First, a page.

We swoon over Daryl. We fawn over Michonne. We identify with Carol. We pity Rick. We root for Glenn and Maggie. And we can’t stand Carl. But when’s the last time anybody said a word about Hershel? Yes, Hershel. The rock of Walking Dead. Since we met him back in his farming days, Hershel has provided the audience with a rare source of stability. For these past two years, we have been able to cling to the wise, kind, and level-headed veterinarian through all the chaos — in the darkest, most harrowing of episodes, we can take ease in the presence of Hershel. “Oh good,” we sigh when he hobbles into a scene. “He’s here. Something is going to make sense now.”
Since Hershel kicked his habit for the spirits, that has been the case. He’s doled out proverbs and compassion, never allowing pride or resentment to steer his actions, acting instead in the interests of what we can all identify as a “good.” Unlike Carol’s (who we miss already), Hershel’s good is not controversial. His is one of obstinate humanity. He sees suffering, he sees incongruity, and he fixes it. Unlike Rick’s (who we could take or leave), Hershel’s good doesn’t waver. He always knows what to do. He doesn’t just abide by right and wrong, he understands their parameters. And then he brings them to life.
In “Internment,” we see Hershel brought to his most trying limits yet. Even with the loss of his friends and family members looming over him forever, his feats of strength this week seem like new, unprecedented torture. Hershel aims to contain the sickness that is spreading through the jail, to keep all patients alive and free of suffering. But this one-legged, gray-haired God-fearing man cannot accept the cruelties of the Earth upon which he lives — he loses resident after resident to the ailment, watching friends transform into zombies at a rapid rate. But he doesn’t stop.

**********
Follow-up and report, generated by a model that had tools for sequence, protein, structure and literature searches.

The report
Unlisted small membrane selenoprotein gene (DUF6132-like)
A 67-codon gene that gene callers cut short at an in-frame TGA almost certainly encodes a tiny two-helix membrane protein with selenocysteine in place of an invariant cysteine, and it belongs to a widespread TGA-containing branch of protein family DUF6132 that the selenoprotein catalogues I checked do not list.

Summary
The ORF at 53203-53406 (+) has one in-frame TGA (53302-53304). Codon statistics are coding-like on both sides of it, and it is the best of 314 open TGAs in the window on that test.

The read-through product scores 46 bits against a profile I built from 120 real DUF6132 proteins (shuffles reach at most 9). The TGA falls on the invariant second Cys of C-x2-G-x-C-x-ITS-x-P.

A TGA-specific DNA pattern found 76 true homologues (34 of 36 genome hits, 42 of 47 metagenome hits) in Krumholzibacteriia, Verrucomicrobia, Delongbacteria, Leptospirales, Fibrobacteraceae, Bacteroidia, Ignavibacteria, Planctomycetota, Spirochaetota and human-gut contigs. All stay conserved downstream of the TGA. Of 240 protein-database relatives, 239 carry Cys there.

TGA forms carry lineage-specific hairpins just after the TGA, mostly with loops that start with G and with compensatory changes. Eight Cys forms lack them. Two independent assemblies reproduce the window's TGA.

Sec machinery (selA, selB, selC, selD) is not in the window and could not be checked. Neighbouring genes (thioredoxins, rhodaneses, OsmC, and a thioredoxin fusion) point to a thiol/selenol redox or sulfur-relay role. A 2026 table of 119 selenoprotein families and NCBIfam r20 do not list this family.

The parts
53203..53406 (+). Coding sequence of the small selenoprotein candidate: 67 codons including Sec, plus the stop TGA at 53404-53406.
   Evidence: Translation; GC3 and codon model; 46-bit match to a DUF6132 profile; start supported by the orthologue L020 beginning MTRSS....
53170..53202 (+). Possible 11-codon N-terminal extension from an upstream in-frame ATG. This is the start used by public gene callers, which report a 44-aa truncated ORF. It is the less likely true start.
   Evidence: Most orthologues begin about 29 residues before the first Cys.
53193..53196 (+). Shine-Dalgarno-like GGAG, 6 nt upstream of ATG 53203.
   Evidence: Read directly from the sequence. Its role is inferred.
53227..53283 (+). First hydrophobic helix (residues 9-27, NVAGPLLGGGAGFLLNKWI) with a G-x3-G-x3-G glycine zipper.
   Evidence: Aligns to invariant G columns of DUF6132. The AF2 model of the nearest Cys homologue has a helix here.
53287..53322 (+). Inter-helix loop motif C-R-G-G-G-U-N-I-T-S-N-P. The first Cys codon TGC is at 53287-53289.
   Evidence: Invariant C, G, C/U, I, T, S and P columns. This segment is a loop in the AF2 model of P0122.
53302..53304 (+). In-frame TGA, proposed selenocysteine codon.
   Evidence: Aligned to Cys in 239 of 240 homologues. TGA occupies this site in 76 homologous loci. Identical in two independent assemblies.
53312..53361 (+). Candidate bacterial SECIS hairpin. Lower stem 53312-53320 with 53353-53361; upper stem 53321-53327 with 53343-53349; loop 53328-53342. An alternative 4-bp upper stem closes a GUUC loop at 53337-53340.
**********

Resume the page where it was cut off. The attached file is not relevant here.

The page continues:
He drives a knife into the head of his protegee, a young and kindly doctor with whom Hershel was beginning to identify. He sees a father bitten by his own undead child, turning quickly afterward into a monster all his own. He is forced to stare into the face of the young man who has been granted his daughter’s heart, whom he has come to think of as a son, as he chokes violently on his own blood. He rushes, on one leg, to obtain a breathing apparatus from a cannibalistic walker in order to save his surrogate son’s life. He wrestles with the zombie as it snaps repeatedly at his flesh, aching to take his life away. But he doesn’t stop.
And finally, after retrieving the oxygen tank for Glenn (thanks to a well-placed bullet into the head of the zombie, courtesy of his daughter Maggie… who chose her father’s life over the risk of destroying her boyfriend’s last hope at breathing, we might want to note) and bringing him back to stability, Hershel holes up in his cell, fans through the pages of his Bible, and begins to cry. Openly, loudly, and deeply. And he doesn’t stop.
We, along with just about everybody in the camp, take Hershel for granted. His unfolding heroism. His kempt responsibility. His ability to see through the bulls**t that haunts this collection of decaying human beings and always highlight the best course of action. Here, we are shown Hershel’s internal, the toll that this world, and his roll in it, has taken. Next week, we’ll probably see Hershel back in his old saddle, handing out wisdom, advice, and compassion. He doesn’t stop. Ever. And we all need to pay a little more mind to that.